Influenza Vaccination Compliance Among Health Care Workers in a German University Hospital
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- Wicker, S., Rabenau, H.F., Doerr, H.W. et al. Infection (2009) 37: 197. doi:10.1007/s15010-008-8200-2
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Since 1988, the Standing Committee on Vaccination (STIKO) at the Robert Koch-Institute, Berlin, has explicitly recommended that health-care workers (HCWs) should be vaccinated against seasonal influenza. However, acceptance of the influenza vaccination by medical personnel is low.
This study analyzes factors associated with the compliance of HCWs with the seasonal influenza vaccination on the basis of three different anonymized questionnaires during two consecutive influenza seasons: 2006/2007 and 2007/2008. The questionnaires covered details of demographics, frequency of previous vaccinations, reasons for accepting or declining the vaccination, and the HCW’s knowledge of the influenza vaccine and influenza itself.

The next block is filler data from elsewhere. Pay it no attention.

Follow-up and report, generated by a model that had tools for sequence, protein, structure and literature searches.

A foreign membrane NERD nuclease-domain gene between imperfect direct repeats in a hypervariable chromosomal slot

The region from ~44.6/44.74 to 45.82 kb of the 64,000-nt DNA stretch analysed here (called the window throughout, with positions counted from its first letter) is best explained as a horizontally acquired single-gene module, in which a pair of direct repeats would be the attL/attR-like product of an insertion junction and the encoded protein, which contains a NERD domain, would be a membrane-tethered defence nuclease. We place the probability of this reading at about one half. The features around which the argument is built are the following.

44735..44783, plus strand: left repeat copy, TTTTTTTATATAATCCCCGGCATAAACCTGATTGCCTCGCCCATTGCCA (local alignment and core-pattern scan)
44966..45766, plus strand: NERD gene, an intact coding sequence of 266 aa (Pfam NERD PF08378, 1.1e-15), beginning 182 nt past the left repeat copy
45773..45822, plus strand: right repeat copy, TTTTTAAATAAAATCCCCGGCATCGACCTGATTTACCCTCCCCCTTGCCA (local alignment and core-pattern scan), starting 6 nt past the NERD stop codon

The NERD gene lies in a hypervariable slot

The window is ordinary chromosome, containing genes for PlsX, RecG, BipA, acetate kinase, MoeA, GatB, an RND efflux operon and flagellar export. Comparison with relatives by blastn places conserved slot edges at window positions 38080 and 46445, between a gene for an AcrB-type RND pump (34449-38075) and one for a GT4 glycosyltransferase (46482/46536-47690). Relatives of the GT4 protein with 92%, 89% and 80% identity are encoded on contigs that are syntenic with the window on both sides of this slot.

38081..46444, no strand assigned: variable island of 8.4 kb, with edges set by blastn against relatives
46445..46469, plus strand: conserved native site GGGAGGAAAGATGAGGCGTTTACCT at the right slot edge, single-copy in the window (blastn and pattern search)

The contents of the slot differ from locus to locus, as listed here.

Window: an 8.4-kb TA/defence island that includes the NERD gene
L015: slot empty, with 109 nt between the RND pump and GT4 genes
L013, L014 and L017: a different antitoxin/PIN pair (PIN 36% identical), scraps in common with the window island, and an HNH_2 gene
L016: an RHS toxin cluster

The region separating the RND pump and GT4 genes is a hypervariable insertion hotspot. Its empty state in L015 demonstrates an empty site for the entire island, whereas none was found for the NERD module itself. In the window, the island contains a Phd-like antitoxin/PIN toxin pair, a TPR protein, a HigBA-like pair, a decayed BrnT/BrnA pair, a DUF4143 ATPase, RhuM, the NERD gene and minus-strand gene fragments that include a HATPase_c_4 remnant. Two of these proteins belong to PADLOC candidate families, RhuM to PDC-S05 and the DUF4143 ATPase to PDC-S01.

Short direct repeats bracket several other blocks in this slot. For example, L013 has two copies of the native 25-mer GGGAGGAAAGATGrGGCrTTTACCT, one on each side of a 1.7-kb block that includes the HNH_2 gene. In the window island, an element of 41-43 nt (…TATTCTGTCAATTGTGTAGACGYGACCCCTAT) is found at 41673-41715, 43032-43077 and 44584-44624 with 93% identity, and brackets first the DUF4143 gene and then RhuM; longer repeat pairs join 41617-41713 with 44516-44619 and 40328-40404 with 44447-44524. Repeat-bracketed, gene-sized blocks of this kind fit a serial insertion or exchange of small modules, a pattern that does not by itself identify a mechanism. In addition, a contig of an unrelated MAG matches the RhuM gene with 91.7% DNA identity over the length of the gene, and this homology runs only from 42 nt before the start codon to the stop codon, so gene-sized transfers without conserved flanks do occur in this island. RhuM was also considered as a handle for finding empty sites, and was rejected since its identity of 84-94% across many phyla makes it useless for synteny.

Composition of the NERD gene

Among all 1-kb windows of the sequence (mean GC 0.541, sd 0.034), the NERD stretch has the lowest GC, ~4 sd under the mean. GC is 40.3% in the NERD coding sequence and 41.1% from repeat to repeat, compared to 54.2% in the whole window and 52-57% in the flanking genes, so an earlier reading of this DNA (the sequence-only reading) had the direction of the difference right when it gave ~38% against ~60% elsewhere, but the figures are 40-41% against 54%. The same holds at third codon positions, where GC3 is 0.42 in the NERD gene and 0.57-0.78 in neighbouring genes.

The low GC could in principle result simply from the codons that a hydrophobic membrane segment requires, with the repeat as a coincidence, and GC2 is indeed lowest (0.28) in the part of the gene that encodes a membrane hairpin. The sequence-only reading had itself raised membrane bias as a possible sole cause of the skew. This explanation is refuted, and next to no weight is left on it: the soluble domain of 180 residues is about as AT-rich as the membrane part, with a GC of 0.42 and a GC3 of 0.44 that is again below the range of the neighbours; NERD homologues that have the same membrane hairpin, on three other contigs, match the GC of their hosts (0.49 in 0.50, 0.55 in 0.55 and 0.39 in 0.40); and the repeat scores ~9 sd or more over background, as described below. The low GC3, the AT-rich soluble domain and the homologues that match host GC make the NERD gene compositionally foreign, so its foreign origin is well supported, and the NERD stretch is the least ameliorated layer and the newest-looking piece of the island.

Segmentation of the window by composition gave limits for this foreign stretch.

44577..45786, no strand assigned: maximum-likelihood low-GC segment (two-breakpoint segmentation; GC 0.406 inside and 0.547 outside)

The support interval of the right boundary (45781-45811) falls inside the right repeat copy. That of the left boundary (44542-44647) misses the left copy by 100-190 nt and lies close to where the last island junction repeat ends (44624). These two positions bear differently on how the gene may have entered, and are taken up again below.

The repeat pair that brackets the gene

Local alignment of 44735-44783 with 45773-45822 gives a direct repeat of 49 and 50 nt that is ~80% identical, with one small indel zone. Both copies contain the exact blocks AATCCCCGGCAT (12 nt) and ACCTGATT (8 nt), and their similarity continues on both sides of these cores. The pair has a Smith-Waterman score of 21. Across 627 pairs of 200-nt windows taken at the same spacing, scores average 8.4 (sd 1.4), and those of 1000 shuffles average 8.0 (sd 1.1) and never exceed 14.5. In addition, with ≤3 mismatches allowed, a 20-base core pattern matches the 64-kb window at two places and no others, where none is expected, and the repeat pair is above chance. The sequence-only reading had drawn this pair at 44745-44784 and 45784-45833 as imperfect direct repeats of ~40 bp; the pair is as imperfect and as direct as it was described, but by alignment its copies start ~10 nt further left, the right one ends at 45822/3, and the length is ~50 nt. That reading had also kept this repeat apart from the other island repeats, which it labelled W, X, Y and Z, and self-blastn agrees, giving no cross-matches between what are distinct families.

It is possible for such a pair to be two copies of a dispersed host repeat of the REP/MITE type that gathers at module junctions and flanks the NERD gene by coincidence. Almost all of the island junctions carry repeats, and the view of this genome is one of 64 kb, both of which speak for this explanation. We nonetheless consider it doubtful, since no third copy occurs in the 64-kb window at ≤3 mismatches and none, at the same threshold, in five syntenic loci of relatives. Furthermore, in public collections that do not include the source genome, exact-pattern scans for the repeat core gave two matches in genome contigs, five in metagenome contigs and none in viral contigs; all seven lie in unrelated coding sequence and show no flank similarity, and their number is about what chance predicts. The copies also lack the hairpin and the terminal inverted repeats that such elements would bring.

Our study showed that physicians were significantly more likely to have been vaccinated than nurses (38.8% vs 17.4%; p < 0.0001). The main reasons for noncompliance included: supposition of a low risk of infection, fear of side effects, the belief that the influenza vaccine might trigger the influenza virus infection, and scepticism about the effectiveness of the influenza vaccination.
Our findings confirm the importance of a comprehensive approach to the vaccination, ensuring that HCWs are correctly informed about the vaccine and that it is convenient to receive it.